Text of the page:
Pupils from Sir John Barrow School in Ulverston were able to walk out alongside some of the best cricketers on the planet as mascots during the World Cup match between West Indies and Sri Lanka.

A group of 30, along with a few teachers, made the two hour-plus journey to Chester-le-Street, Durham, on July 1 and they witnessed a terrific contest between two teams that already knew they couldn’t qualify for the semi-finals.

Sri Lanka eventually ran out winners after the Windies came within 23 runs of their 338-6, with one of the stars on show, Lasith Malinga, taking three wickets.

Malinga was one of the players the children all wanted to walk out with, with West Indies opener Chris Gayle and their captain Jason Holder also amongst the most popular figures.

On how the opportunity came about, Mr Maher, who organised the trip, said: “We’ve got 30 very keen kids at the cricket club in the town and the second the World Cup started, the rumours started flying about that kids would be able to go and play.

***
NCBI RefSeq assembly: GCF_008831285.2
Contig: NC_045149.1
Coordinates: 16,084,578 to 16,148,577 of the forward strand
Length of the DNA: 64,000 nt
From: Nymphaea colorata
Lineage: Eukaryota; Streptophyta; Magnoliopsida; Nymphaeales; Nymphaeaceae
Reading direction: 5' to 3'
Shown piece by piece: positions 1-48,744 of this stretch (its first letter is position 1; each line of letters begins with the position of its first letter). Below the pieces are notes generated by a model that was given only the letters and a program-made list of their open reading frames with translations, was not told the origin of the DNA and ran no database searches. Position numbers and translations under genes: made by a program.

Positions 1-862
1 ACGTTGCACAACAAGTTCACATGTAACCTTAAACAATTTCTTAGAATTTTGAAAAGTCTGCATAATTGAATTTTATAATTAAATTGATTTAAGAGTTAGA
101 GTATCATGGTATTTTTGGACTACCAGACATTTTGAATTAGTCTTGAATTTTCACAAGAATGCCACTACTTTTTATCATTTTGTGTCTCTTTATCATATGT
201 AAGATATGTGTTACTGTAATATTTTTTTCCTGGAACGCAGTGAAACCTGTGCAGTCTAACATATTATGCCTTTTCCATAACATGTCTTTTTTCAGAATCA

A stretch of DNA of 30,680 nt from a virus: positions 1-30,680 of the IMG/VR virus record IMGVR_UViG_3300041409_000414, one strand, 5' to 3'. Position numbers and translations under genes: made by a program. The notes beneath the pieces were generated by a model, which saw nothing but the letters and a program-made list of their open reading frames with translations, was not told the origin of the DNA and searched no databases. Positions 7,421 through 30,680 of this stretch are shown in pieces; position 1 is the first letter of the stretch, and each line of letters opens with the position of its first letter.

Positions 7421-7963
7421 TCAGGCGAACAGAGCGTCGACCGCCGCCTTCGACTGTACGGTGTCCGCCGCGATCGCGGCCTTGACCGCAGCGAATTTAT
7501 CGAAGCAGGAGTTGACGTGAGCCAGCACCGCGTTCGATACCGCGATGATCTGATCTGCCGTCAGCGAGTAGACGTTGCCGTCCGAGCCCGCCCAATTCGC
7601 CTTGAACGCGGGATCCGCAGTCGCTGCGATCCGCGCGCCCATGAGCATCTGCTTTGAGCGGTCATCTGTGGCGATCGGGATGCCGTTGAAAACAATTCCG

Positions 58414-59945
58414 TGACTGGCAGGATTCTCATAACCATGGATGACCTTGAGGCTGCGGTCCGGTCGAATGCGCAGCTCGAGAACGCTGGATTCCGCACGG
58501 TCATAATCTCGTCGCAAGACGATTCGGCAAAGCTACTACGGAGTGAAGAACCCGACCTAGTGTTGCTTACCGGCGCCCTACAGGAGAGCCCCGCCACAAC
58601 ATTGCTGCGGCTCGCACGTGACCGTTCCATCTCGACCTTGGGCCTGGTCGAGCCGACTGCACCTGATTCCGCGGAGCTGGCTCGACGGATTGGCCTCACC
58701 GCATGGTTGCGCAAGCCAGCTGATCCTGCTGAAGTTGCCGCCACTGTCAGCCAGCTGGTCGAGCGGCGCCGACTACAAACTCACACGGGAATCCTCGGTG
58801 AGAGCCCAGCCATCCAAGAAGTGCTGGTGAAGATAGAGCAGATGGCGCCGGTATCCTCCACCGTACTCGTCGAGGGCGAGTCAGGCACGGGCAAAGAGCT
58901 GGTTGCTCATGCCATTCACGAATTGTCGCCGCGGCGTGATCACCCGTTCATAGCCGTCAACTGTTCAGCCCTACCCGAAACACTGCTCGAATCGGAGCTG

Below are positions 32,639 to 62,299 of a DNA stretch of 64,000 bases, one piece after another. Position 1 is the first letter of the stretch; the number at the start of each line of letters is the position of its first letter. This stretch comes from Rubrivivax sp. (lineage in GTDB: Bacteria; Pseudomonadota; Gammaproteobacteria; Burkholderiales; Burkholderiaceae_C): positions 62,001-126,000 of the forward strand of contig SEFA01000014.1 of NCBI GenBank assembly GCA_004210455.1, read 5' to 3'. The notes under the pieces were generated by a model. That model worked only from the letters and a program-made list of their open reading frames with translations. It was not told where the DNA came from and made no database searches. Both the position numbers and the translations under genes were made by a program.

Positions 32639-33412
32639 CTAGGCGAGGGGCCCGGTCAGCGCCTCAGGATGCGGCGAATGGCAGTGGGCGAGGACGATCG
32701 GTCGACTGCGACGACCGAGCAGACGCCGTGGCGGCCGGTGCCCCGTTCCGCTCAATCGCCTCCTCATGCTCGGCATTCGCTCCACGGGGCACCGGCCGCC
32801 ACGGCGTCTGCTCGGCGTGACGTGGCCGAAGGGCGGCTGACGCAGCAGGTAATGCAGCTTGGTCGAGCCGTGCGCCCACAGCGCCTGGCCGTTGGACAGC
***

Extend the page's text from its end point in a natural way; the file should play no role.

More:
“I was told by a friend at Chance To Shine to not miss this chance, get online and get it booked.

“I applied for a few matches and I was successful in the West Indies-Sri Lanka one and that was a godsend because the kids were able to go out as ‘anthem kids’, which they wouldn’t have been able to do in other games.

“They were able to play mini games during the interval and it was just down the to recommendation of ‘go here and apply.’

Once they arrived at the ground, the kids were taken through rehearsals of what they had to do before walking out with the two teams and standing in front of them during their respective national anthems.

Mr Maher said: “After a couple of hours of watching Sri Lanka bat, we went off and played mini games in front of the crowd and that for me was the best bit, and all the parents who went agreed too.

“That was fantastic and they were hitting balls straight into the crowd, as you would do, just as though they were hitting sixes for half an hour.

“I think many would say their favourite part was the Mexican wave that came our way.”